henkinYour newest novel, The World Without You, takes place over a July 4th holiday in the Berkshires.  The Frankel family is gathering at their country house for the memorial for Leo, the youngest child, who was a journalist killed in Iraq.  Is the book autobiographical?

I wasn’t killed in Iraq.

twwy“Here,” she says, “I’ll get you a sweater.” She’s barely done speaking before she’s taking the stairs two at a time, her espadrilles clomping against the peeling wood, transporting her down the long hallway. It’s July and twilight comes late, so even now, at nine o’clock, the last of the sun still colors the sky, but inside the house the corridors are dark and she’s neglected to illuminate the antique standing lamp at the top of the stairs as if to reflect an inner austerity. It’s their country house, but like their apartment in the city the hallway runs through it, an endless spine, which she traverses now, past the Kathe Kollwitz etchings and the street map of Paris and the photographs of her and David’s grandparents staring down at them on opposite sides of the wall from another continent and century. She moves with such purpose (dogged, implacable: those are the words David uses to describe her) that when she reaches the lip of their bedroom and steps inside she’s startled to discover she’s forgotten what she came for.

There was a time in my life when I read purely for pleasure.  Before then, I read pretty much for pain, or more accurately, I read and it caused me pain.  Like reading Thoreau’s Walden and Stephen Crane’s The Red Badge of Courage for English class – now there was torture.  But thankfully, there was Stephen King and Stephen R. Donaldson and Stephen Coonts and even some authors not named Stephen, and I was in bliss.  These were my lazy high school years.  I remember reading Misery in a single day, from nine in the morning until nine at night, and I had no other desire than to feel every word on the page.  It was pure hedonism.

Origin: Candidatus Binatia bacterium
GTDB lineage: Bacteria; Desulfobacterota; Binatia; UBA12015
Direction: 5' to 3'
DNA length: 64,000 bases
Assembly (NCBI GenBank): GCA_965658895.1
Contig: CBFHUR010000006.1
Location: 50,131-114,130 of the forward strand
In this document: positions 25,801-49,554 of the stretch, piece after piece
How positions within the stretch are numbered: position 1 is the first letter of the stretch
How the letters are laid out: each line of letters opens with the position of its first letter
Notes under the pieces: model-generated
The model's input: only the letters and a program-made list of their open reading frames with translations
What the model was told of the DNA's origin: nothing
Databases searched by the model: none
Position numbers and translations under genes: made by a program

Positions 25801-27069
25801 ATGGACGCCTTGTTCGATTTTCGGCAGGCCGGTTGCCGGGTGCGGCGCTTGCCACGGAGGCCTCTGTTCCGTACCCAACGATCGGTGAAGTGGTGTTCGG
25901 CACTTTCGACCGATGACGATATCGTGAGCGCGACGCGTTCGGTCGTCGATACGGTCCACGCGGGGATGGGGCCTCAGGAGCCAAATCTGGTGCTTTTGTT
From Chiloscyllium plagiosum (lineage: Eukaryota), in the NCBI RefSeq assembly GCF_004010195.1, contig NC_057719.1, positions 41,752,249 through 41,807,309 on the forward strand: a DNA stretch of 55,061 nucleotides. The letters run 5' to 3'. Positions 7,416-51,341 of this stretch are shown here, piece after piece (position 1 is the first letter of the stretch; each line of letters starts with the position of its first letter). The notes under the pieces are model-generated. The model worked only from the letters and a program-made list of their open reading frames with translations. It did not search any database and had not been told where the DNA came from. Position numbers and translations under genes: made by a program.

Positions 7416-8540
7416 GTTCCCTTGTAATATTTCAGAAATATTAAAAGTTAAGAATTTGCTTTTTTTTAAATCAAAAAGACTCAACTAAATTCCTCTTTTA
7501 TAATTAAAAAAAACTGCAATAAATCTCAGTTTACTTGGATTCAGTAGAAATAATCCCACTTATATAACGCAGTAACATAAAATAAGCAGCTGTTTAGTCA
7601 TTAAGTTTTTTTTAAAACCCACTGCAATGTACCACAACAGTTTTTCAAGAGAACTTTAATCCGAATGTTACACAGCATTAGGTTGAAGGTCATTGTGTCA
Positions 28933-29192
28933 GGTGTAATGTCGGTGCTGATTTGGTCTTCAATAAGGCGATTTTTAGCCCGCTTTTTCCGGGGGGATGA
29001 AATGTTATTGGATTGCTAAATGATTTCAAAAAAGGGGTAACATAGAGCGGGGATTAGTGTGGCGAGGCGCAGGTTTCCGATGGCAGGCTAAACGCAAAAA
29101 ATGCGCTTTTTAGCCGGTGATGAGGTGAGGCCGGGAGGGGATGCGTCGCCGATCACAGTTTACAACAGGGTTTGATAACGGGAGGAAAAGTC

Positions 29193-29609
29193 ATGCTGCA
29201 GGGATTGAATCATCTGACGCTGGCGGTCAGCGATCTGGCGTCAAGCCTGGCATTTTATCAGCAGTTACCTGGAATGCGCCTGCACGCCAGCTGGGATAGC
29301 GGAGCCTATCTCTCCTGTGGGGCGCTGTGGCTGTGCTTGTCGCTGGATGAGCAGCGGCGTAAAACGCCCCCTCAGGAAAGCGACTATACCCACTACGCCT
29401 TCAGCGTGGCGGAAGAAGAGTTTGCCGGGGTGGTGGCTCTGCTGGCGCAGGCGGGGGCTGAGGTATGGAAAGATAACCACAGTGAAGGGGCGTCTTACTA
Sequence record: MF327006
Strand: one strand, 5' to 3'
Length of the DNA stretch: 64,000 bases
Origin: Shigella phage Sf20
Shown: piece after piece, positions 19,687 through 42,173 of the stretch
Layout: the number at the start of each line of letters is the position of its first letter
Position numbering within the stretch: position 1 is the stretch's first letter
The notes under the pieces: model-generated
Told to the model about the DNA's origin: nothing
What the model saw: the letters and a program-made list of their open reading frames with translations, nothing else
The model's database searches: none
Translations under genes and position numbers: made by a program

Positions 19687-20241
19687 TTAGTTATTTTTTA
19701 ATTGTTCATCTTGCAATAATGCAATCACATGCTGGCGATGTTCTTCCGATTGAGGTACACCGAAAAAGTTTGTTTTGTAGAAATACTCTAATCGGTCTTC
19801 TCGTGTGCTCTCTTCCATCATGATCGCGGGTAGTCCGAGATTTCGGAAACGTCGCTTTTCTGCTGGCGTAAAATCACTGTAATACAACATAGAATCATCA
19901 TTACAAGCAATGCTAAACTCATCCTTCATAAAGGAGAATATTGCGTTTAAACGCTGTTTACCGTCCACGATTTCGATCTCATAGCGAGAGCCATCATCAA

I’ve been thinking about the power of fiction, or the power of good writing, to transport us to another time.

A talented writer can remove us from our dreary, repetitious lives with a well-wrought scene or a fully realized character.

Or simply a single object.

Backclock

For me, this happened recently while reading Josh Henkin’s wonderful novel Matrimony.

A main character reminisces about a cafe with a backward clock.

Simple as that and there I went.

When I was in fifth grade in Florida, my friend Greg Mullen was the coolest, most suave guy around. He had an inground pool, he belonged to a tennis club, he went scuba diving, he wore a leather jacket, his parents drove matching Volvos (the oddest looking cars on the block back in the early ’70s).